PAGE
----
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Stereotactic radiosurgery and the linear accelerator: accelerating electrons in neurosurgery

Maryam Rahman, Gregory J. A. Murad, Frank Bova, William A. Friedman, and J Mocco

The LINAC is now the most frequently used device for delivery of conventional radiotherapy and radiosurgery. Radiosurgery is truly minimally invasive, delivering therapeutic energy to an accurately defined target without an incision. It has been used in the treatment of a wide variety of pathological conditions, including benign and malignant brain tumors, vascular lesions such as arteriovenous malformations, and pain syndromes such as trigeminal neuralgia. Radiosurgery is also being studied for the treatment of movement disorders and epilepsy. A tremendous amount

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Current neurosurgical management of glossopharyngeal neuralgia and technical nuances for microvascular decompression surgery

Roberto Rey-Dios and Aaron A. Cohen-Gadol

6 cases . Neurosurg Rev 20 : 196 – 200 , 1997 10.1007/BF01105564 8 Chawla JC , Falconer MA : Glossopharyngeal and vagal neuralgia . BMJ 3 : 529 – 531 , 1967 10.1136/bmj.3.5564.529 9 Dandy WE : Concerning the cause of trigeminal neuralgia . Am J Surg 24 : 447 – 455 , 1934 10.1016/S0002-9610(34)90403-7 10 Dandy WE : Glossopharyngeal neuralgia (tic doloreaux). Its diagnosis and treatment . Arch Surg 15 : 198 – 214 , 1927 10.1001/archsurg.1927.01130200046002 11 De Simone R , Ranieri A , Bilo L , Fiorillo C , Bonavita V

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Deep brain stimulation of the posteromedial hypothalamus: indications, long-term results, and neurophysiological considerations

Angelo Franzini, Giuseppe Messina, Roberto Cordella, Carlo Marras, and Giovanni Broggi

central pain and TN being the most common forms. Trigeminal neuralgia is a pathological condition characterized by short, shock-like pain episodes, referred to as “electric bouts” by patients, that are limited to one or more of the territories innervated by the divisions of cranial nerve V. It usually begins in the second or third division of the trigeminal nerve and involves about 5% of patients with MS, usually beginning many years after the occurrence of nontrigeminal pain. The clinical characteristics of TN in patients with MS are similar to those in patients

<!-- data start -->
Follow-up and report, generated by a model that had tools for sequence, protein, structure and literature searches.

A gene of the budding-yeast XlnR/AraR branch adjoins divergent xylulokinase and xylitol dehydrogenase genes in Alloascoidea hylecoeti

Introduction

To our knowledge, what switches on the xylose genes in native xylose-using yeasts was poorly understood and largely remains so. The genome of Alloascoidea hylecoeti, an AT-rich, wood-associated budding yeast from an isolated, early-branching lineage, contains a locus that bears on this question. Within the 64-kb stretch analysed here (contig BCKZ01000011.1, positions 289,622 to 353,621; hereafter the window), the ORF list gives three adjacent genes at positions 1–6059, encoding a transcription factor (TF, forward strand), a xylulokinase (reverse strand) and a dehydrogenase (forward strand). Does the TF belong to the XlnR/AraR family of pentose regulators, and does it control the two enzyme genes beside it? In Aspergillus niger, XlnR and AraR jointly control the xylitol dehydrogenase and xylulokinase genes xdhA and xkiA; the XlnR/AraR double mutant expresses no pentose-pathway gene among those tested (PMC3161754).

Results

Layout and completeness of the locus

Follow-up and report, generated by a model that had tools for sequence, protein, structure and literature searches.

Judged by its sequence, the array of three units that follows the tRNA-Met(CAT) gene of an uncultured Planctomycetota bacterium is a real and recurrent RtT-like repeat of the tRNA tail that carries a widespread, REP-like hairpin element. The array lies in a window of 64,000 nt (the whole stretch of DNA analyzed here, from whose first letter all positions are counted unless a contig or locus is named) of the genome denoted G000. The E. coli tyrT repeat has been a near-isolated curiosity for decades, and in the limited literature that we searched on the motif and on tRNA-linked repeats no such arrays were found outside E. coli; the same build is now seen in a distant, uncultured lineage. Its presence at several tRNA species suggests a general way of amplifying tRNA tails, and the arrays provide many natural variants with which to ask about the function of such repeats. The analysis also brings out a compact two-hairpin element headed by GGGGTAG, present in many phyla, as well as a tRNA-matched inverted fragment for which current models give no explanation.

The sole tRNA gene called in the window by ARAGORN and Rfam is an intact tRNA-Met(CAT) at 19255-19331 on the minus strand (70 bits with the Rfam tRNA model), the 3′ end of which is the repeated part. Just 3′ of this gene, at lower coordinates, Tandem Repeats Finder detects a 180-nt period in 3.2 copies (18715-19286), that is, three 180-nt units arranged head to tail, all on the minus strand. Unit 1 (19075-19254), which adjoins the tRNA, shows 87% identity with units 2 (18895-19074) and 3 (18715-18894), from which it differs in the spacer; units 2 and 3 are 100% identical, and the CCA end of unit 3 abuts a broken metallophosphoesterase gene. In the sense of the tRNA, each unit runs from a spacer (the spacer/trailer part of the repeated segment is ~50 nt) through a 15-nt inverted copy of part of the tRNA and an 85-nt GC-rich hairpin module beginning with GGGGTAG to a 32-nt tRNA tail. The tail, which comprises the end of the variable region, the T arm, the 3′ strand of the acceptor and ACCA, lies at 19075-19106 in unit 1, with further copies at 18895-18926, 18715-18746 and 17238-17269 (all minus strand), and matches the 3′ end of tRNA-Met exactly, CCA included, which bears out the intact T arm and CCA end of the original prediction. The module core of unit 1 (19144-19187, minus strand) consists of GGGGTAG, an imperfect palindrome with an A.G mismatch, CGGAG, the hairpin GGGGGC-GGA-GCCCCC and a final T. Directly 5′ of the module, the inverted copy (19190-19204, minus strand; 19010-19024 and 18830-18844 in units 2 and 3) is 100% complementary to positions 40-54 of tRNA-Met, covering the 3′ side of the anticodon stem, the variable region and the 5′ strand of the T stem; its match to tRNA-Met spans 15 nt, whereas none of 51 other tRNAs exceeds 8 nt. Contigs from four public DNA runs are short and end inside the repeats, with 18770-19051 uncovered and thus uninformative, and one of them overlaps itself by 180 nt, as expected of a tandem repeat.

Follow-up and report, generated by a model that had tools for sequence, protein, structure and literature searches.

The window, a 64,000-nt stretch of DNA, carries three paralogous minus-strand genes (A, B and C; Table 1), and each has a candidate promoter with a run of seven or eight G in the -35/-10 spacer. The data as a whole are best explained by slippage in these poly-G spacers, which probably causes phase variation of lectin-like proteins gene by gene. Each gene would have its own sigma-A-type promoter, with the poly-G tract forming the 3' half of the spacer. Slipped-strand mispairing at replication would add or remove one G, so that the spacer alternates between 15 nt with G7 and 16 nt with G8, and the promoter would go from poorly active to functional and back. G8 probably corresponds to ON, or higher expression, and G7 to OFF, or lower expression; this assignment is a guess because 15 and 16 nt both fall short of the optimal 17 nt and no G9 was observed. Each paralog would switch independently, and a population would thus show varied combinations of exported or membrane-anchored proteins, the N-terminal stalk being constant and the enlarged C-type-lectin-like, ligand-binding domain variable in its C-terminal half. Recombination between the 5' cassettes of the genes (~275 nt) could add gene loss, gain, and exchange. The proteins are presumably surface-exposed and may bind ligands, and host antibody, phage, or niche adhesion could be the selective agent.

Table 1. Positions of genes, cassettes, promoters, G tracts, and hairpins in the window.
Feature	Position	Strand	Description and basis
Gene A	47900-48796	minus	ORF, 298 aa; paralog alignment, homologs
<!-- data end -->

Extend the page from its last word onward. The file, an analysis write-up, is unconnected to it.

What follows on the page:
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Safety profile of superior petrosal vein (the vein of Dandy) sacrifice in neurosurgical procedures: a systematic review

Vinayak Narayan, Amey R. Savardekar, Devi Prasad Patra, Nasser Mohammed, Jai D. Thakur, Muhammad Riaz, and Anil Nanda

W alter E. Dandy described the anatomical course of the superior petrosal vein (SPV), its relation to the trigeminal nerve and cerebellum, and its significance during surgery for trigeminal neuralgia (TN), in 1929. 5 SPV, also termed “the vein of Dandy,” is an important venous drainage system in the posterior cranial fossa because it drains the anterior aspect of the cerebellum and brainstem, and ultimately empties into the superior petrosal sinus (SPS). 19 Neurosurgeons commonly sacrifice this vein to widen the operative exposure at the apex of the

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A patient-specific, interactive, multiuser, online mixed-reality neurosurgical training and planning system

Jingyue Wang, Yining Zhao, Xinghua Xu, Qun Wang, Fangye Li, Shiyu Zhang, Zhichao Gan, Ruochu Xiong, Jiashu Zhang, and Xiaolei Chen

mixed-reality–based simulation might play a vital role in neurosurgery. 17 , 18 The ability to generate a holographic model for resident simulation-based training may improve teaching, increase trainee autonomy in technically challenging cases, and potentially enhance patient safety. 19 This study evaluated the technical feasibility of developing a patient-specific, multiuser, online, interactive mixed-reality neurosurgical training (NT) system. We took trigeminal neuralgia (TN), hemifacial spasm (HFS), and intracranial tumors as examples to verify the efficacy of

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Hydroxyurea for treatment of unresectable and recurrent meningiomas. II. Decrease in the size of meningiomas in patients treated with hydroxyurea

Uwe M. H. Schrell, Michael G. Rittig, Marc Anders, Uwe H. Koch, Rolf Marschalek, Franklin Kiesewetter, and Rudolf Fahlbusch